• Loss – This is broad. It can be the death of a loved one, a pet, the loss of a job, having either you or someone you love become permanently injured, the onset of a disease, the break up of a long-term relationship or divorce, childbirth (some women view it as a loss of freedom), losing a custody battle, loss of a parent’s love in legitimate cases of abuse and neglect, etc. Anything you can think of that would constitute a serious loss in a person’s life fits here and could easily be a trigger for depression.

The Domino Effect

  • When it Rains, it Pours – Sometimes shit happens in life. We all deal with things that go wrong. Unfortunately, sometimes major loss events happen in close succession. What some call a spot of bad luck is really disaster for others. I would refer to this as a loss of control; when a situation gets completely out of hand and you can do nothing but let it spiral.

The Little Things

  • They Add Up Fast Now the definition of “little things” is going to vary between people. For some it can be as simple as a parent or family member forgetting their birthday, not picking them up at school, or missing their dance recital. Seemingly little mistakes can turn into an overall feeling of neglect if they keep happening. For others, it can be a case of favoritism. Perhaps your best friend seems to be favored by the coach of your sports team? Maybe your little brother seems to be the favorite of your parents and could probably get away with murder if he wanted to? Or maybe it’s that overwhelming feeling that no matter what you do, the universe is conspiring against you? Whatever it is, that “little thing” isn’t so insignificant to the person experiencing it. And sometimes, it compounds.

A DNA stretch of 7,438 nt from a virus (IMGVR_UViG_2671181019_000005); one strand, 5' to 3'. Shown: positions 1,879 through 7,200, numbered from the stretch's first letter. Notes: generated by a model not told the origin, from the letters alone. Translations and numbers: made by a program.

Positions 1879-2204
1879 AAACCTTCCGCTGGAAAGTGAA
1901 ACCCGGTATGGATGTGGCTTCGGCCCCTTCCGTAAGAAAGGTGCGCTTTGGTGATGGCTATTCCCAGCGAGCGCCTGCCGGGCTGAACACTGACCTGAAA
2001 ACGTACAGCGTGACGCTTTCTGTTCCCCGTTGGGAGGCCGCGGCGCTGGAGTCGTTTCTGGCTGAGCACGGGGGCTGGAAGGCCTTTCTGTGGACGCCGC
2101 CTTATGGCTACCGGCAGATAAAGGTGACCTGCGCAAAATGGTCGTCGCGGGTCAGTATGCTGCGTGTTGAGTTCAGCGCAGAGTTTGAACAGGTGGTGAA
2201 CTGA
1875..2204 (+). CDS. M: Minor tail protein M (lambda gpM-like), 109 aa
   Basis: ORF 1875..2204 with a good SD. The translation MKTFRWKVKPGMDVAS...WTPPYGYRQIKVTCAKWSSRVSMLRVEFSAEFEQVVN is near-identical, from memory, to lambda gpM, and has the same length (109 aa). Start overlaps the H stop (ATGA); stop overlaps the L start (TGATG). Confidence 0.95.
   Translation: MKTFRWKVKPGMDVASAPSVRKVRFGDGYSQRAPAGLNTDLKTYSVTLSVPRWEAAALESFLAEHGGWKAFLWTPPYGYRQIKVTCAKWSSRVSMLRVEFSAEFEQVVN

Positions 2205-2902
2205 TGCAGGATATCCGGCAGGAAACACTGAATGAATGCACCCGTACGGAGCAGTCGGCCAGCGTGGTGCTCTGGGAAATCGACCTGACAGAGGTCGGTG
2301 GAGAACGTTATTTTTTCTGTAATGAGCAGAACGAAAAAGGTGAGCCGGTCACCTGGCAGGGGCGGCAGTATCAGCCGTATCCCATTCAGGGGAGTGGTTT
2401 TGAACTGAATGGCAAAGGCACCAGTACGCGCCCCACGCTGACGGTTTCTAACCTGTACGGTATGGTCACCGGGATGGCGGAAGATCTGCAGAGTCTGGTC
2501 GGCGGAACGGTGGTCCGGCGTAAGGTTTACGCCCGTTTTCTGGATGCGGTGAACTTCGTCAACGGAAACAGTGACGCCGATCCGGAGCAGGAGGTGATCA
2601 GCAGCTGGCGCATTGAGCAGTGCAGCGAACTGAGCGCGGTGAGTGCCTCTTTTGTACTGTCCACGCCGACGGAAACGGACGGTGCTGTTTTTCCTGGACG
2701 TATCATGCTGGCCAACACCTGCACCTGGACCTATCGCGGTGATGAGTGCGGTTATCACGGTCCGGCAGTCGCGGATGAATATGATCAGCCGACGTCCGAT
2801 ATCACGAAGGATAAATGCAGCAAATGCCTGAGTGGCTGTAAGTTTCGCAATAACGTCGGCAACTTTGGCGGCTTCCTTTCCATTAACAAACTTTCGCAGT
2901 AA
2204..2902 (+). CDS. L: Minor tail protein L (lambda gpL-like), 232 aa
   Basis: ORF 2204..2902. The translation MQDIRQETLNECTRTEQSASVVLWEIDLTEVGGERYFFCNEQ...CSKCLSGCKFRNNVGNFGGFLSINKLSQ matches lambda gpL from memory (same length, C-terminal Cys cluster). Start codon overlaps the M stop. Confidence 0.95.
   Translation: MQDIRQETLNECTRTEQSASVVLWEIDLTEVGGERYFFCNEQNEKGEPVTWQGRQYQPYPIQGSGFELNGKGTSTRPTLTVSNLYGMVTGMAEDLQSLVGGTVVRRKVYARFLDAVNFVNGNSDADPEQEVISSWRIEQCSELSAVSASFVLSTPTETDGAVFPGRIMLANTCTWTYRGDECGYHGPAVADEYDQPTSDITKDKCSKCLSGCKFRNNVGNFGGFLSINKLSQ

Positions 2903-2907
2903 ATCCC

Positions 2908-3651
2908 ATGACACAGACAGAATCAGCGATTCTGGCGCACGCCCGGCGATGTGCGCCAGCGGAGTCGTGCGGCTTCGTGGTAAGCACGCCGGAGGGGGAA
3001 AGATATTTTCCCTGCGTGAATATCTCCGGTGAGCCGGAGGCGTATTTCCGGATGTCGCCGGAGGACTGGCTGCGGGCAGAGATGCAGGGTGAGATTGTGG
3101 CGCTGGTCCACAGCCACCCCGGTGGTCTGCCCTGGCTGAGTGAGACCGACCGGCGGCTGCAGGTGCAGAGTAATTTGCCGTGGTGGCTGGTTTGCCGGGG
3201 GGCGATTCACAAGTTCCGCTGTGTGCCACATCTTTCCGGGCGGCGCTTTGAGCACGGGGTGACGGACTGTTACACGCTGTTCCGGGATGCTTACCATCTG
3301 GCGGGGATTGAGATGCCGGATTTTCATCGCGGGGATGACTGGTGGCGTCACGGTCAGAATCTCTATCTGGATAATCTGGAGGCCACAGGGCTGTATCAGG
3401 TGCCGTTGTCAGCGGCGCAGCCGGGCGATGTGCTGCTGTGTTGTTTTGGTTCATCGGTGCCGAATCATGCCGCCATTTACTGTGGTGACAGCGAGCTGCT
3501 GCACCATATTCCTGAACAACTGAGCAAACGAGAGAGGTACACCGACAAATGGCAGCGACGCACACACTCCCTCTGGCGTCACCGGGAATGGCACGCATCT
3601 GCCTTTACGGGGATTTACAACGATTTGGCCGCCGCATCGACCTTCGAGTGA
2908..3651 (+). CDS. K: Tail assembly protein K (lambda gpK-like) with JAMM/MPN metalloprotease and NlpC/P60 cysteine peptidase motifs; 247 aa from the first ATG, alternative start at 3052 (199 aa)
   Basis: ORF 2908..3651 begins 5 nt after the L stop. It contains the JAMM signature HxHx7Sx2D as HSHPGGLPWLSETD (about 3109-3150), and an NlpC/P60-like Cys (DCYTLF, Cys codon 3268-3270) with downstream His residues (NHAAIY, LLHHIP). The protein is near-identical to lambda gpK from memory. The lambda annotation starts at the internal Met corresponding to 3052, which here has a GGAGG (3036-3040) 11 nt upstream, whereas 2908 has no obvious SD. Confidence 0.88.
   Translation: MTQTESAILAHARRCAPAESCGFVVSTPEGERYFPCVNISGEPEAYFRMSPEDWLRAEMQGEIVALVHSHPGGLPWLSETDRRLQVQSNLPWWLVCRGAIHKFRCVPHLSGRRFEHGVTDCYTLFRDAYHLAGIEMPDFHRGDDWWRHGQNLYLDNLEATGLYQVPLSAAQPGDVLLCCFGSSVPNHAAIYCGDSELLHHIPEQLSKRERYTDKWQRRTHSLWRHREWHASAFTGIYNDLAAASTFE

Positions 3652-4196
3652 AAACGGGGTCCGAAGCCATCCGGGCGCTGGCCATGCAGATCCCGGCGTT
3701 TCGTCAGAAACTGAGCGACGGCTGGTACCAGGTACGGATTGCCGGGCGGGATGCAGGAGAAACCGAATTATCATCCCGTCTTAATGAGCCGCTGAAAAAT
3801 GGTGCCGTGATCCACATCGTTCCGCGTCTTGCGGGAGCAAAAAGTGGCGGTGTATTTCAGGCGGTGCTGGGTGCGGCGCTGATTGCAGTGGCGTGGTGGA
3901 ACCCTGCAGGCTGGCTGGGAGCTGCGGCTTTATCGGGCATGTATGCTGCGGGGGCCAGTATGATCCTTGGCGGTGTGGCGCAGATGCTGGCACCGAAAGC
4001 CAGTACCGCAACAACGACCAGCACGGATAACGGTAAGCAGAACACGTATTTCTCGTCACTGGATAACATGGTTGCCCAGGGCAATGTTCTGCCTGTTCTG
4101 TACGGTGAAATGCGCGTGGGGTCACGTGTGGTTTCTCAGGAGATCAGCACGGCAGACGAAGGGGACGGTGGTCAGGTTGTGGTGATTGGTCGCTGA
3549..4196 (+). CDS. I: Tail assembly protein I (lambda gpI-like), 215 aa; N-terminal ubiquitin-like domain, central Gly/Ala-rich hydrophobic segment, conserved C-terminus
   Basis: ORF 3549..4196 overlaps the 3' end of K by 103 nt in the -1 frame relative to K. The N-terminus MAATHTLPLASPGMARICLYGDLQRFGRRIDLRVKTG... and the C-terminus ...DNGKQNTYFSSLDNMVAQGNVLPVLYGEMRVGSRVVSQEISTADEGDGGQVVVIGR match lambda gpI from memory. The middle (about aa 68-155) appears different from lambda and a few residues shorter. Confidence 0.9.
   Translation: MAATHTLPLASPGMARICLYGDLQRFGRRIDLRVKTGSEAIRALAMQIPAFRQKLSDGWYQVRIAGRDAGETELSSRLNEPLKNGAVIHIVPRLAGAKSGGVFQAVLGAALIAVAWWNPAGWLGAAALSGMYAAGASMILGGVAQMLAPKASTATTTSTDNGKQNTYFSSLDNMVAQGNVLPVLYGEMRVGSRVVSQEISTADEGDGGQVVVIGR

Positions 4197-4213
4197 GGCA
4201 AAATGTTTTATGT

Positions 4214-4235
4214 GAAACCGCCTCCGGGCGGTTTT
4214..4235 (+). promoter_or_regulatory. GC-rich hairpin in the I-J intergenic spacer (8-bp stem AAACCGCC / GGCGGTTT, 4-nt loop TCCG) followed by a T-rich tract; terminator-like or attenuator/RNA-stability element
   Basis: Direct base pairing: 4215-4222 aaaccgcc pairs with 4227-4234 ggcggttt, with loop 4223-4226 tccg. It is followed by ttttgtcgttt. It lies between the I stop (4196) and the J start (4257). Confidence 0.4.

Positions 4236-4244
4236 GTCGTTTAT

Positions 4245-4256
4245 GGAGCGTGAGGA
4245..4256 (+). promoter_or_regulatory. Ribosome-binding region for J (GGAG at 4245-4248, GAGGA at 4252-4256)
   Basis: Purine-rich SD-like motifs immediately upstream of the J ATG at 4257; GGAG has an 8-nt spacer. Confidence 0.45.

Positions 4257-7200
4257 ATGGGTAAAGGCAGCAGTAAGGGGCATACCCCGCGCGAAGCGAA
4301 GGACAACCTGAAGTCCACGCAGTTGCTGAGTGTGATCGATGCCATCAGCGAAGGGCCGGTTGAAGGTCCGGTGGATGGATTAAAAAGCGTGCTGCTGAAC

What Does it Feel Like?

A lot of people would define depression as a constant, overwhelming feeling of sadness, but really, it’s so much more than that. There’s a reason it’s so common and so hard to overcome.

The first thing to know is that depression is cyclic. Everyone has their day to day ups and downs but for people who are depressed, those downs may be more significant to them, and more frequent, than their ups. As an example, the feelings of depression can last for several years, and then something really good might happen to lift your character out, and he may be happy again for a while, years even, but eventually depression comes creeping back again. The cycles are different for everyone of course. Some may only last a few days while others last for weeks or months.